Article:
I feel confident that there will always be a place for books we touch and hold. Some of us will read on phones or tablets; others will keep reaching for the real thing, the same way the great medieval printer Anton Koberger imagined his customers doing in 1493, when he sent out his Nuremberg Chronicle with this printed wish:

Speed now, Book…
A thousand hands will grasp you with warm desire
And read you with great attention.

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Wow, you guys really like butterflies!

A little late, but as promised, here are a few more of the specimens from Moths and Butterflies of the United States East of the Rocky Mountains by Sherman Denton.  I also did some research and found the answers to some of your questions and a little bit more about the author of this book.

The Denton family were world-famous butterfly collectors and sellers.  They perfected methods of mounting and preserving butterflies, and their work touched off a butterfly fad during the late nineteenth century.  Sherman Denton’s papers and part of his butterfly collection are now at the Wellesley Historical Society.

keepyourhandsbusy asked whether they had to kill specimens for each copy of the book. Unfortunately, yes.  Historians estimate that around 50,000 butterflies were harmed in the making of this publication. Yikes.

idratherbesailing asked whether these are severed butterfly wings.  Not exactly, but they are made from severed butterfly wings.  The printing process used to produce them involved pressing the butterfly wings onto a gummed paper so that the scales would stick, and an image of the butterfly would remain.  I didn’t realize this when we published the previous post about this book, but smithsonianlibraries has a great explanation of this process on their blog, and they even mention this exact publication.  Plus, they have a field notebook produced this way.  Go take a look!

Any other questions for us?  You can always reblog or ask, and we’ll try to find out.  We’re librarians - it’s what we do.

Best,

Kelli

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225th Anniversary of the First Congress: We’ll be posting documents and stories highlighting the establishment of the new government under the Constitution through March 2016.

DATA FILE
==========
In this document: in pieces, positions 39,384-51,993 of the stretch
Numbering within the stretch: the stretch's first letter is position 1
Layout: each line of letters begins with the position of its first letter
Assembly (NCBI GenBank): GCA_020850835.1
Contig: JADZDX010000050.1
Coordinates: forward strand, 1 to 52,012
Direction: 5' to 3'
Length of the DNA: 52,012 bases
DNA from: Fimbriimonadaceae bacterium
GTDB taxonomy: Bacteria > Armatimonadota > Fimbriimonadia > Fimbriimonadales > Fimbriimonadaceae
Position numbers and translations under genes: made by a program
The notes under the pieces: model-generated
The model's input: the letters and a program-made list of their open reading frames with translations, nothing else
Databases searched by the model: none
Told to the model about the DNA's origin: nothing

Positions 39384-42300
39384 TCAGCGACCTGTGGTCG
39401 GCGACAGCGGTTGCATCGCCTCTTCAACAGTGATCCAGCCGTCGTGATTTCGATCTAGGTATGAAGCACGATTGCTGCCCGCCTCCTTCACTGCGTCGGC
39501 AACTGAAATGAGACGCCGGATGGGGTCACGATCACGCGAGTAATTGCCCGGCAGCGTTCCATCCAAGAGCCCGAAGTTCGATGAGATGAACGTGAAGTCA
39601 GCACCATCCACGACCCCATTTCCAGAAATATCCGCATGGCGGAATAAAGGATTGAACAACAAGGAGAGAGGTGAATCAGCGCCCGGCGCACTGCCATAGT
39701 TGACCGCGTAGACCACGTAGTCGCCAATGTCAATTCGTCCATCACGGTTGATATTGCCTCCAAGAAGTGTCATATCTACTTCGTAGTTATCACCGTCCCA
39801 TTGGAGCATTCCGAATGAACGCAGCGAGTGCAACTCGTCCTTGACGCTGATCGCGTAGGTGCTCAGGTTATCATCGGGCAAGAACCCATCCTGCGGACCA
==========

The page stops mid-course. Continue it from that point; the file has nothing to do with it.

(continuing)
On February 2, 1790 the Senate received a petition from printer Francis Bailey asking Congress to patent his innovative printing techniques for preventing counterfeiting. Bailey’s petition was referred to the Secretary of the Treasury, Alexander Hamilton who reported back to Congress on February 23 that Bailey should be issued “exclusive right” to use his invention.

On March 2 the Senate was sent H.R. 44, an act to give Francis Bailey the exclusive right to use his invention. This was the only patent petition received by the First Congress to result in a private bill. However, the Senate never voted on the bill because of the passage of the Patents Act on April 10, which provided the Patents Commission the ability to issue patents. Bailey’s patent application was placed through the Patents Commission. He was issued a patent for his invention on January 29, 1791.

H.R. 44, an Act to Vest in Francis Bailey, 3/2/1790, SEN1A-C1, Records of the U.S. Senate

This week in OUP Archives we found a picture of the copper matrix imported from the Netherlands in the 17th century by John Fell, the man who was in charge of the Press at the time. These moulds made the iron punches (or letters) that were used in printing materials. The matrix bears his name as a result, “Fell type”, and was considered state of the art equipment in England at the time it was imported to the Press. The Press still has the Fell type on site in Oxford!

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The printing process is taking a little longer than expected. As is, we may juuuuust squeak in shipping everything out at the end of Feburary as planned, but if it takes a little extra time, (moving into the beginning of March,) I hope you’ll bear with me. The books are looking great, and I’ll keep you updated as they start to come in and get shipped out.

The PDF version (and all other electronic rewards) will be delivered within the first couple weeks of Feburary. The Kickstarter PDF will have some bonus material that won’t be available later, and I’m putting the finishing touches on that.

And here’s some more good news! Kraken sent me photos of some of the first books printed!

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We’re doing a quick custom order for business cards/poker cards, and have a few spots available! 

You’ll get 400 copies of one design for $40 USD. That’s only ten cents per card! An amazing deal, especially when you consider the extras, such as:

  • Double sided full-color
  • Coated (sparkle front and matte back)
  • Rounded corners
  • Includes international shipping

Payment is immediate, and all images are due February 15th 23.59 EDT. Since this is a rush order (and because of the Lunar New Year’s), we need to print these fast! 

Send us an e-mail to jiny.miso (Gmail.com) if you’re interested!

Jeff Buckley's Album 'Grace' As A Collection Of Books

This is my new print, available right now in the Standard Designs Etsy shop. It’s of Jeff Buckley’s phenomenal album ‘Grace’ as if it had been written as a series of novels instead of songs. It’s the ideal gift for the Jeff Buckley fan in your life (and if that’s not you - listen to the album, and it soon will be!)

The print measures 42 x 29.7cm, approximately 16.5 x 11.5 inches. It’s professionally printed on 200gsm/120lb premium archival heavy silk paper, and comes shipped in a sturdy mailing tube.

You can see more at the Standard Designs Etsy shop.